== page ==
So, one morning, standing on the very edge of his nest hole, and looking out on to a world of white cherry blossoms, the soft sunlight slanting through the green of the beech leaves, he made up his mind to take off and explore this wonderland. He would aim, he thought, for the great spreading apple tree at the bottom of the garden. He fluttered for a few brief seconds on the brink, and felt the lifting power under him for the first time. He let his wings take him and float him out on the air. But at once he was falling. However hard he tried, his beating wings simply would not keep him up. The landing was bumpy and uncomfortable, though not disastrous; but he was still some distance from the apple tree.
He was hopping and flapping his way towards it when he caught sight of the cat stealing through the long grass, slinking low, his tail twitching this way and that. Every bird, however young, knows about cats. The sparrow crouched and was instantly still, still as death. By the time he decided to make his escape, he already knew he had left it too late. For all his wild flapping he could manage little more than a few frantic stumbling hops. At the last moment he cried out, but there was no help, no escape. He was caught, caught and held fast. Death was warm darkness, and mercifully quickly over.
When the hands around him opened, he found himself blinking up into Joan’s smiling face. “Don’t worry,” she was saying, “I promise I won’t hurt you. And I won’t let Minou hurt you either. I promise. A white sparrow! I didn’t know sparrows could be white.” There was something calming in her voice, and the sparrow lay still in the bowl of her hands, his heart still pumping with forgotten fear. A judiciously aimed stick sent the disappointed cat scampering away back towards the house. “See?” she laughed, and she settled the sparrow in her lap, talking to him all the while, till she felt the heartbeat stop its racing. “You’ve got brown eyes,” she said, “like me. But I think we’ve a lot more in common than that. We shall be friends, I know we shall.”
One of his claws became entangled in the thick red wool of her skirt. Joan freed him carefully, gently, and stroked his head with the back of her forefinger. “They said I would find a friend,” she went on. “My voices told me so, and they never lie to me, never. Because you are beautiful and because you are my friend, I shall call you Belami. Do you like that? Belami – yes, it suits you. They told me you would come. I needed a friend, Belami, someone I could tell everything to. I wanted to tell Hauviette – she’s my best friend – but they said no. They told me to be patient – the blessed St Margaret is always telling me to be patient – and here you are, just as they promised. They promised me a friend to keep me company, one who would never betray me, and therefore not of humankind, they said. I never understood them, not until now. That’s the trouble with my voices, Belami, sometimes they’re so difficult to understand. They will speak to me in riddles and I wish they wouldn’t. And sometimes, it’s so difficult to believe what they say, even when I do understand them. Oh, Belami, the things they say I must do! Of course, I didn’t believe in them at all at first. I mean you wouldn’t, would you? After all, it’s only saints who hear voices, only saints who see visions – or witches. That’s what I thought, Belami, that’s what everyone thinks. But it’s not true. I’m no saint, but I’m no witch either; and I do hear my voices, Belami, I do see my visions.”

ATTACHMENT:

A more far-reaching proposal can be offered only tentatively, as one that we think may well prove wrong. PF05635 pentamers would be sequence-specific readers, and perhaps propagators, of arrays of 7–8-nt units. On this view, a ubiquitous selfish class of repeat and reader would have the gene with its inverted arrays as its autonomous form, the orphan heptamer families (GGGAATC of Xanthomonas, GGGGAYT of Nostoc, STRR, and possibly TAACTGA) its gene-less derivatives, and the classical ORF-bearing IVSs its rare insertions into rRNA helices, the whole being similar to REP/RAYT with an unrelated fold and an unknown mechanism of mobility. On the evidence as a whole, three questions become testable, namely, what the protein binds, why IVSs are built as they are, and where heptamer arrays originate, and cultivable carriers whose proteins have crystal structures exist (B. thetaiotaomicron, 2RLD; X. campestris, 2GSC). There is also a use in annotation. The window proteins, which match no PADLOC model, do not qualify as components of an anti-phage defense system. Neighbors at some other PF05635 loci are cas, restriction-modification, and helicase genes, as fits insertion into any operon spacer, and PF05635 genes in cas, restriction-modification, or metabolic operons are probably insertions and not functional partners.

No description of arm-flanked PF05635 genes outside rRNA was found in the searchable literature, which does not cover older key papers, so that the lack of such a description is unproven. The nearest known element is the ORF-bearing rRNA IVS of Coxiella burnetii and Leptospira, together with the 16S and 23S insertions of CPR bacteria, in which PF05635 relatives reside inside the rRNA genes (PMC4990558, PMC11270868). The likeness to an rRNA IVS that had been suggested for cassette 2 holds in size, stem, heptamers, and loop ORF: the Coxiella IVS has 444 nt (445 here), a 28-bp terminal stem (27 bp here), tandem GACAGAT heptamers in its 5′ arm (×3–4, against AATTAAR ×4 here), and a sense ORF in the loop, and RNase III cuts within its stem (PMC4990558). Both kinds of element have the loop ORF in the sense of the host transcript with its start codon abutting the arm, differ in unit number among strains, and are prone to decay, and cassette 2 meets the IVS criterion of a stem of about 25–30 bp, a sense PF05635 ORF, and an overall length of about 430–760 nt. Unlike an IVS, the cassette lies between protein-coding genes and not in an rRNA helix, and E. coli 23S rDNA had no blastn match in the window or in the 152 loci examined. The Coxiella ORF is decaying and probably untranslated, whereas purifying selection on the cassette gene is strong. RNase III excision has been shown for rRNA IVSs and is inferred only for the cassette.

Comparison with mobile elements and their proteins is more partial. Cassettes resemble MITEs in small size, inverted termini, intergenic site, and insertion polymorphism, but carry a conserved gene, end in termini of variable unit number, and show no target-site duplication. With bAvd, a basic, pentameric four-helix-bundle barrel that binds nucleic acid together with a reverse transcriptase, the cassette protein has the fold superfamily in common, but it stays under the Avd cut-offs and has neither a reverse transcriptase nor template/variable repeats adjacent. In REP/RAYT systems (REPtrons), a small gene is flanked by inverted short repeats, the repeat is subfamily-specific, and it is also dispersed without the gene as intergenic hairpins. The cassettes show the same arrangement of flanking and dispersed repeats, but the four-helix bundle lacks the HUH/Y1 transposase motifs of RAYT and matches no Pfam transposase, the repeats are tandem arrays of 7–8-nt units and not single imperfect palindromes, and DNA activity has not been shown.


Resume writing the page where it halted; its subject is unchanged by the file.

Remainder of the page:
She pushed her finger underneath him and felt the tentative grasp of his claws. “Dear Belami, it’s so good to have someone I can tell at last. I think my voices were right. If I’d told Hauviette she’d have thought me mad in the head, or worse. But here I am, talking on and on about myself, when I expect all you want is feeding. Bread and milk, with worms mashed in – how would that be?”
So Joan carried Belami into the house cupped in her hands. She scooted the cat out, and fed Belami for the first time. A few days later and he was flying free. As weeks passed and he grew stronger he was able to fend for himself more and more, but he never strayed far from her and liked to keep her always in his sight. It was on the day of his first exultant flight up towards the sun. he was gliding back to earth when he saw Joan so small, so alone on the ground below. It came to Belami then that he would not be as other birds were, that he would live his life with her, come what may. She had saved him, fed him, and cared for him. Best of all, she needed him. So he would be her friend for life. He would not leave her. He would never leave her.
It was a common enough sight around the village now, Joan with her white sparrow flying above her. Any catapult jokes met with a very frosty response. They were scarcely ever apart. Hauviette said to her once that she never knew she could be jealous of a sparrow, but she was. Wherever Joan went, Belami would follow, and more often than not it was to the spreading apple tree at the bottom of the garden. Here he would sit on her shoulder and listen to her, with half an eye on the aphids and grasshoppers in the long grass below him. When temptation got the better of him he would dart down and help himself; but he would try his best to be attentive because he knew how she loved to talk to him, how she had to unburden herself. He was there for that, there to listen.